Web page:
José Paranhos, Viscount of Rio Branco
José Maria da Silva Paranhos was a politician, monarchist, diplomat, teacher and journalist of the Empire of Brazil. He was sent to Uruguay in late 1864, tasked with bringing a diplomatic end to the Uruguayan War. In 1869, he was recalled and dispatched to Paraguay, this time to negotiate an end to its war with Brazil. His successful efforts in concluding a peace with Paraguay were recognized, and Pedro II ennobled him, making him Viscount of Rio Branco. He died in 1880 and was widely mourned.
About José Paranhos, Viscount of Rio Branco in brief
José Maria da Silva Paranhos, the Viscount of Rio Branco, was a politician, monarchist, diplomat, teacher and journalist of the Empire of Brazil. He was sent to Uruguay in late 1864, tasked with bringing a diplomatic end to the Uruguayan War. In 1869, he was recalled and dispatched to Paraguay, this time to negotiate an end to its war with Brazil. His successful efforts in concluding a peace with Paraguay were recognized, and Pedro II ennobled him, making him ViscOUNT of Janeiro. He died in 1880 and was widely mourned throughout the country. He is regarded by most historians as one of Brazil’s greatest statesmen. He would become the Council’s longest-serving president, and his cabinet the second longest, in Brazilian history. His government was marked by a time of economic prosperity and the enactment of several necessary reforms—though they proved to be seriously flawed. The most important of these initiatives was the Law of Free Birth, which granted freeborn status to children born to slave women. He had a simple childhood but did not experience poverty. His parents died early in his childhood and he was raised by his sister and her husband. He became a wealthy merchant and married Josefa Emerenciana de Barreiros, the Brazilian-born daughter of one of Bahia’s long-established families. His father died when he was still a child and he followed a few years later as a colonel in the Engineer Corps. His brothers were rescued by an uncle on their mother’s side, who financed their education and raised his children as his own.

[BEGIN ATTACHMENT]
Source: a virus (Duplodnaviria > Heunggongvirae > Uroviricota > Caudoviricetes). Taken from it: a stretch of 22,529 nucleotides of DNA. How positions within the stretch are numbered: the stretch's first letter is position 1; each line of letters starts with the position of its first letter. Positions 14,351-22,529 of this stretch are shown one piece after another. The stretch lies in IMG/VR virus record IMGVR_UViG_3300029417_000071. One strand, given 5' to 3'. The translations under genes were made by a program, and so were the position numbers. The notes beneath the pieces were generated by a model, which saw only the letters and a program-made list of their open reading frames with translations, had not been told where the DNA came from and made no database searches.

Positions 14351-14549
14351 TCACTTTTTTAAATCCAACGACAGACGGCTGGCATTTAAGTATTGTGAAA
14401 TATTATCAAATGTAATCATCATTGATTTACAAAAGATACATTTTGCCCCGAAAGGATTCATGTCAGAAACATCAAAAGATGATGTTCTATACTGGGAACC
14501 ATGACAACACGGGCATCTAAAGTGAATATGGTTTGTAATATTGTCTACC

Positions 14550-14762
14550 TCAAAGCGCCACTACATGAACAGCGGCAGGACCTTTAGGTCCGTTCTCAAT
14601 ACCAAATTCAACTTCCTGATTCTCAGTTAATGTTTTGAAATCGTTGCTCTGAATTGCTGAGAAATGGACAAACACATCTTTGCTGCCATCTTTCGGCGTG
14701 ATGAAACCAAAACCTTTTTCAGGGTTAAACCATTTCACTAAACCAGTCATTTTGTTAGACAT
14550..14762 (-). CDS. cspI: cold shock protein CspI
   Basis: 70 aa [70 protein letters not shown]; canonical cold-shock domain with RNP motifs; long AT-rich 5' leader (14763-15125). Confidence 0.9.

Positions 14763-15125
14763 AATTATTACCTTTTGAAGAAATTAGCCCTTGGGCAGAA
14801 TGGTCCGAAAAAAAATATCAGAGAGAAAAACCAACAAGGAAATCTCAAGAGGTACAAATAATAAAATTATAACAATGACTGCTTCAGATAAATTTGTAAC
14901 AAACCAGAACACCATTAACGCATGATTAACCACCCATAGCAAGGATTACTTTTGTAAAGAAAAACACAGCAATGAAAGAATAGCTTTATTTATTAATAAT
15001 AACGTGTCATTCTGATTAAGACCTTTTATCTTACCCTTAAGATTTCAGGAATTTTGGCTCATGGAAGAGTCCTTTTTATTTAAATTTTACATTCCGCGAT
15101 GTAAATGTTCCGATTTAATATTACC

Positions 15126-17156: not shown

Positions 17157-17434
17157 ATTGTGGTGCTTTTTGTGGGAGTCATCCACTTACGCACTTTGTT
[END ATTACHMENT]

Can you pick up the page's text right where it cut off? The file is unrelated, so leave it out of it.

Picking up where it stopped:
He remained loyal to Portugal until Brazil’s Independence in 1822, which resulted in his ostracism and the collapse of his business. Though his parents were no longer rich, he did not Experience poverty. He and his brothers were left in a precarious position, since the remainder of Agostinho’s fortune had been appropriated by a relative on his side. The brothers were raised by their uncle, Eusio Gomes Barre i Gomes, who held the rank of Colonel. The family had roots in Porto and moved to Salvador, Bahia, in the first decade of the 19th century. They had three children, all of whom were educated at Brazil’s Naval School and the Army’s Military Academy. He later became a politician in the Liberal Party and was elected a member of the provincial house of representatives of Rio de Janeiro province, site of the national capital of the same name. He rose to power within the province under the tutelage of Aureliano Coutinho, VISCount of Sepetiba—a veteran politician who held tremendous influence over the young and inexperienced Emperor Pedro II. He temporarily abandoned politics after Aurelianco Coutinho’s fall from grace and the subsequent dissolution of the Liberal party. He joined the Marquis of Paraná’s Conservative Party as well as the cabinet over which the latter presided.